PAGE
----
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U.S. Korea Relations Falter Over Intercepted U.S. Spy Plane

U.S. Korea Relations Falter Over Intercepted U.S. Spy Plane

Posted March. 04, 2003 22:50,   


North Korea has been getting increasingly bold, taking a series of provocative acts and escalating tension on the Korean Peninsula, which already faces a nuclear standoff. In the same line, the Roh administration`s agencies in charge of foreign affairs and national security are having a hard time dealing with the North Korean regime.

President Roh has not yet appointed the director of the National Intelligence Service yet. Externally, the alliance between South Korea and the U.S. has soured and the new administration does not know through which diplomatic channel it should talk with America. In addition, North Korea does not show any sign of backing down from its hard-line position.

It is confirmed that four North Korean fighter jets intercepted a U.S. RC-135 reconnaissance plane on Sunday on a routine intelligence mission in international air space about 150 miles (240 kilometers) off North Korea`s coast. One of the North Korean jets involved got very close to the U.S. plane and locked its radar weapons’ system onto it, the last stage before firing a missile.

Previously, another North Korean jet fighter, believed to be MIG 19, flew south near Yeonpyong Island in the Yellow Sea, entering South Korean air space below the Northern Limit Line. And, on the eve of President Roh`s inauguration, North Korea fired a missile into international waters between the Korean Peninsula and Japan. It also began preparing the reactivation of its 5MW reactor on the day Roh took office.

What is really worrisome is the possibility that the series of North Korea`s dangerous moves are likely to continue and pose more problems to the new South Korean administration, leaving less room for Roh in resolving North Korea`s nuclear standoff as he intends. Especially, if North takes any direct steps to operate its reprocessing facility, the Bush administration will consider the red line breached, and initiate in earnest tough measures against it. South Korean officials are worrying that if the worst materializes, the relationship between the U.S. and South Korea will likely be crippled in terms of resolving the North Korean matter.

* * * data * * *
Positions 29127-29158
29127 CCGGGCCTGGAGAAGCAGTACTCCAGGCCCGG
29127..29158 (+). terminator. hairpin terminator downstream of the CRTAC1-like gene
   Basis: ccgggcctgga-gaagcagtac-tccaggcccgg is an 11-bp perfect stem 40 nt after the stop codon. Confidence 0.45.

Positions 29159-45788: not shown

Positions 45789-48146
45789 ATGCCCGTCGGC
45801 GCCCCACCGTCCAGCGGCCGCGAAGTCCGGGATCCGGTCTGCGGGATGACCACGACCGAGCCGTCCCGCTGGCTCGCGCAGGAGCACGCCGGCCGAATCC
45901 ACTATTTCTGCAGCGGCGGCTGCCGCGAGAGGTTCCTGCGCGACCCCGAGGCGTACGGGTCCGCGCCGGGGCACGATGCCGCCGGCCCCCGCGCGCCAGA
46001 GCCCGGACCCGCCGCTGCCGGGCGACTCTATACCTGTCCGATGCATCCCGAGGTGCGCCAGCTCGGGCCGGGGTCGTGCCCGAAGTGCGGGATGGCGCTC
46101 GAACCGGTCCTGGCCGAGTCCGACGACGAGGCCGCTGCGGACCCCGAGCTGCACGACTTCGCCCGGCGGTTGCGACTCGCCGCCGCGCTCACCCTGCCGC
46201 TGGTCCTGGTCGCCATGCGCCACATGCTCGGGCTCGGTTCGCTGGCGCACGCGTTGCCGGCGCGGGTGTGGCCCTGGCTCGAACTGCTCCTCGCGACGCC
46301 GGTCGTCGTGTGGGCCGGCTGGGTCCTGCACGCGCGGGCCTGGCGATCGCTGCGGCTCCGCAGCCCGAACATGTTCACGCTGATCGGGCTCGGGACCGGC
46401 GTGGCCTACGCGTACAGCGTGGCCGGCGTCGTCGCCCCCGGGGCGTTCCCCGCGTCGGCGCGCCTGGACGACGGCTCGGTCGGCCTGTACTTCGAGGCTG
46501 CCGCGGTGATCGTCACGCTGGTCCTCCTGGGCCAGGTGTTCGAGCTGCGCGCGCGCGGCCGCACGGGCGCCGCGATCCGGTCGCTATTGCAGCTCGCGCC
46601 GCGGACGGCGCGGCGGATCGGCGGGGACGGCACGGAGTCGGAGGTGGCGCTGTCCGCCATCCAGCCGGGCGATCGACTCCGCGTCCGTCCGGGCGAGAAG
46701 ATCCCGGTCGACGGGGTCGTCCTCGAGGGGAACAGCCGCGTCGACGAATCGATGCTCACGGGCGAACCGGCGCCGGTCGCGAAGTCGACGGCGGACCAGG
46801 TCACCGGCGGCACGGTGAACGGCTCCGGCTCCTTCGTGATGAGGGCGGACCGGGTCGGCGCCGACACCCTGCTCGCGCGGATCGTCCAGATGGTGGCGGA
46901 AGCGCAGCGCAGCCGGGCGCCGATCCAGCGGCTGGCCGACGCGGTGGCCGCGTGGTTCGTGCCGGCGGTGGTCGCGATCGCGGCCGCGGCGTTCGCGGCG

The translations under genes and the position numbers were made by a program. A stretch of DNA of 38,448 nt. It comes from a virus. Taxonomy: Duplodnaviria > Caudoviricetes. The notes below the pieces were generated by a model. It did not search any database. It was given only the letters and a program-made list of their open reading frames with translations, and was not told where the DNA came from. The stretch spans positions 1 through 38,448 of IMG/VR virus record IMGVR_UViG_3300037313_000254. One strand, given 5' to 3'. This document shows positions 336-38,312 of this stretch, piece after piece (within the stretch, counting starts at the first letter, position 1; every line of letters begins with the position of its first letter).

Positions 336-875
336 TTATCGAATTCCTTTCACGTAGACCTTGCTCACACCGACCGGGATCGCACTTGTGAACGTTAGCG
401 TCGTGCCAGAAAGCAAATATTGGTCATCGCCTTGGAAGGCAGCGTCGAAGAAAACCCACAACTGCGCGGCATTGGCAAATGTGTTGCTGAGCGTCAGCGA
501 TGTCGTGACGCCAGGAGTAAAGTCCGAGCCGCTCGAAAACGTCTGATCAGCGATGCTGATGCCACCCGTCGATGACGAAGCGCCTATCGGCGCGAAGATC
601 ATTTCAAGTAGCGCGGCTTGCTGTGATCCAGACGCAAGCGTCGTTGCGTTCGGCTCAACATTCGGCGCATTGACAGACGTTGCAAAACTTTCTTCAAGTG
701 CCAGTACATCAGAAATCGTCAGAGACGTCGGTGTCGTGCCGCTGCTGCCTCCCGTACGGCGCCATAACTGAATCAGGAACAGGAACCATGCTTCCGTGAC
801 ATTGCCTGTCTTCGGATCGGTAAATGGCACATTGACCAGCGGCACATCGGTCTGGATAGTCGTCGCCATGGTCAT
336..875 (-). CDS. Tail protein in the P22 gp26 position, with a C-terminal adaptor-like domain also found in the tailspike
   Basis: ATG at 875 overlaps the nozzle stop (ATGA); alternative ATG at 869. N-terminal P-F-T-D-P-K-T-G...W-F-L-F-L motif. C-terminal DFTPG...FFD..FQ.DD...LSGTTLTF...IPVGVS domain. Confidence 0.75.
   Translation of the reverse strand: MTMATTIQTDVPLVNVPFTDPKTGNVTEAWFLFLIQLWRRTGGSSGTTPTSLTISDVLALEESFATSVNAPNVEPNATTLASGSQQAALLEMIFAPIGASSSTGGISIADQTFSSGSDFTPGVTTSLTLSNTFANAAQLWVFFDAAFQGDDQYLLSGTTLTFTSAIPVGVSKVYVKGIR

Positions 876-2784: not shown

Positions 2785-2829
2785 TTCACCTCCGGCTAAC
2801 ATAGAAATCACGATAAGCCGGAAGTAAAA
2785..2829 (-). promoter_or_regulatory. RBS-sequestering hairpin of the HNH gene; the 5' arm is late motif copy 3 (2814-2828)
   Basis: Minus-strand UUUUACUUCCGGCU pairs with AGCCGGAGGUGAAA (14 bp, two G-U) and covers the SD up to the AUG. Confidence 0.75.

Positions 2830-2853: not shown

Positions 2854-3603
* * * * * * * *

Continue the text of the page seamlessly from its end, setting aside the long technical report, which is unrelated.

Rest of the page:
In addition, the U.S. news media are pushing the Bush administration to take a hard-line approach to North Korea, casting more difficulties before the Roh administration. For example, The Washington Post reported on March 1 that it becomes more and more likely that the United States would strike North Korea. Some South Korean officials are trying to understand the recent maneuvering by the U.S. news media as part of the Bush administration`s plan to tap the country’s general opinion before taking any steps for action against the North.

If the differences between the two countries are not ironed out, it is highly likely that the U.S. will come up with strong measures against the North Korean regime to tame both the regime and the fledging Roh administration which has demanded equal relations.

"The Kim Jung Il regime might think it could threaten the Untied States into resuming dialog. If that is what Kim Jung Il really believes, he should know better," said one South Korean official yesterday.

But North Korea`s parade of provocation will probably continue, and that is what the Roh administration is worried about. If North Korean fighters should collide with a U.S. plane in stunt like on Sunday, the situation would get much worse.

Continuing to stress a peaceful resolution to the matter, President Roh and his cabinet will not be able to maintain a positive relationship with the United States, unless it brings about some change on the part of the North.

Young-Sik Kim spear@donga.com